Virtual Learning When You Have ADHD

From the Perspective of a Childhood Cancer Survivor – Leigha Bartholomew

Leigha Bartholomew, childhood cancer survivor

Being a childhood cancer survivor, I know what it is like to fall behind in school. Months of my schooling were spent in a hospital and attending weekly medical appointments. I began to feel overwhelmed thinking I’d never be able to catch up or that I wasn’t doing as well as my peers. It was never expected that I would be at the same level as everyone else while I was going through treatment, at the time I believed I just wasn’t good enough. I’m sure a lot of cancer survivors have felt the same way at one point or another. 

I had a similar feeling when post-secondary schools introduced a virtual learning environment in the midst of the pandemic. I started noticing a shift in my capabilities. A new learning atmosphere meant new challenges that I couldn’t adapt to as quickly as I had in the past. Attending classes became more difficult, focusing on work and remembering to finish assignments on time developed into more of an issue than it had been just a few months before, and my motivation to be involved in class discussions decreased. On top of that, I couldn’t bring myself to speak with my professors over Zoom about the challenges that I was facing. It seemed like I was in a rut and I didn’t know how to pull myself out.   

My ADHD diagnosis came just a few months after we started learning virtually. While I was familiar with ADHD, I was surprised to learn that I had the disorder myself. Adding this on top of the other issues I had with mental health (I was diagnosed with Generalized Anxiety Disorder in high school) was not something I had even considered, especially so far into my education. If someone were to look at my grades, I bet they wouldn’t have considered it either. Luckily, I didn’t have to go through these challenges all on my own. 

Because mental health and learning disabilities pose a challenge for a number of young people, there are resources that have been put into place by schools to help students get through their education. In post-secondary school, there are learning strategists or assistive/adaptive technologists for students seeking academic support. Your academic advisor is also available to help you find programs or services tailored for your specific challenges.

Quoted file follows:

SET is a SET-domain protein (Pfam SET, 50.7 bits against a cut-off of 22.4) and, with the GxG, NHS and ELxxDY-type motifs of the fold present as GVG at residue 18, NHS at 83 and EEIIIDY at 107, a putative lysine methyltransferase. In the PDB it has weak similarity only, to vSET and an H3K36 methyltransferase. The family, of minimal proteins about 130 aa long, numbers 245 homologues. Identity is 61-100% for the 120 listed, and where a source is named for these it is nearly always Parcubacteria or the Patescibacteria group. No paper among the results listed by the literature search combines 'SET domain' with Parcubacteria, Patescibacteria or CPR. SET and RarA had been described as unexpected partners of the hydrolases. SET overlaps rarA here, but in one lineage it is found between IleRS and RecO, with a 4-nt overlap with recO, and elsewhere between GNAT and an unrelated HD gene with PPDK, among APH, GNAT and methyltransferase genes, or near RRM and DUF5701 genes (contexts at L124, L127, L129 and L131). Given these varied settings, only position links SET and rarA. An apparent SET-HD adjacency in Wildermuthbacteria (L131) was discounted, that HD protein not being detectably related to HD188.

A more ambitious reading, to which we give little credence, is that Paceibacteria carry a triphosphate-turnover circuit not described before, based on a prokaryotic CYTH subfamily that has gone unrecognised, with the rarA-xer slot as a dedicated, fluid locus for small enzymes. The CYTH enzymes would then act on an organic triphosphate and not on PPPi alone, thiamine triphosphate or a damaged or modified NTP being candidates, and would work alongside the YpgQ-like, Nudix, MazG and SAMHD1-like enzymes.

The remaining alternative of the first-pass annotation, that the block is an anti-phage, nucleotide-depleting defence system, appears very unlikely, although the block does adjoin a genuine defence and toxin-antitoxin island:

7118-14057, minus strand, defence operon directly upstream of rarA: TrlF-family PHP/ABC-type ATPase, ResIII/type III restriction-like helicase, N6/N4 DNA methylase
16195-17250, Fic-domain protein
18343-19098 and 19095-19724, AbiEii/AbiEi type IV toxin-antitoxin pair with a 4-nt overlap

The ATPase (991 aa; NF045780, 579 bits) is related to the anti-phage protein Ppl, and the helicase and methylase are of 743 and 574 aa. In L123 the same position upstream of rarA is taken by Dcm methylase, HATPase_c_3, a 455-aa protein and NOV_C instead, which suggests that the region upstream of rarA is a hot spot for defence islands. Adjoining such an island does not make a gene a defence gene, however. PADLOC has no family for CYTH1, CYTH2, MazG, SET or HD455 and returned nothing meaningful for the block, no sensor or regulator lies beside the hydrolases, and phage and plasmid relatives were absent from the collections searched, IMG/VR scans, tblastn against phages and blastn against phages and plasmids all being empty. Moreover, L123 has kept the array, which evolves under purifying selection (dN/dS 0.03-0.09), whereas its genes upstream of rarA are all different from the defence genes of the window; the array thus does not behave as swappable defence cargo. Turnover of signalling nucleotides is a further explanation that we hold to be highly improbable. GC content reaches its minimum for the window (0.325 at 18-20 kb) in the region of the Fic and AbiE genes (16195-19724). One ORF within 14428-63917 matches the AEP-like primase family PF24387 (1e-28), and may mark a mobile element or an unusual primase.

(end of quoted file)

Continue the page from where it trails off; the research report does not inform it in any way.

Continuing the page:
Being a childhood cancer survivor can further complicate things. While some survivors may already be predisposed to having mental health and learning challenges, others can develop them due to the treatments they received or other related factors and experiences. These issues can also continue into adolescence and adulthood. Since most people working in pediatric oncology are aware of these challenges, there are specific resources available to survivors and their families. POGO AfterCare Clinic professionals, such as counsellors, art therapists, clinical psychologists and social workers are some of the resources available to help cancer survivors develop strategies related to the difficulties they might be facing with school or everyday life, and POGO School and Work Transitions Counsellors can help you to access these various resources!

My advice to fellow survivors would be to understand that you are not alone if you find yourself struggling. I am sure a lot of people can relate to me when I say that I prefer in-person schooling over the virtual classroom, but that doesn’t mean it’s any less scary having to make the transition. If my own experiences have taught me anything, it’s that everyone has a different style of learning. If you need help, reach out. No matter how difficult things might seem, there are always people and programs available to students and survivors if they need help.

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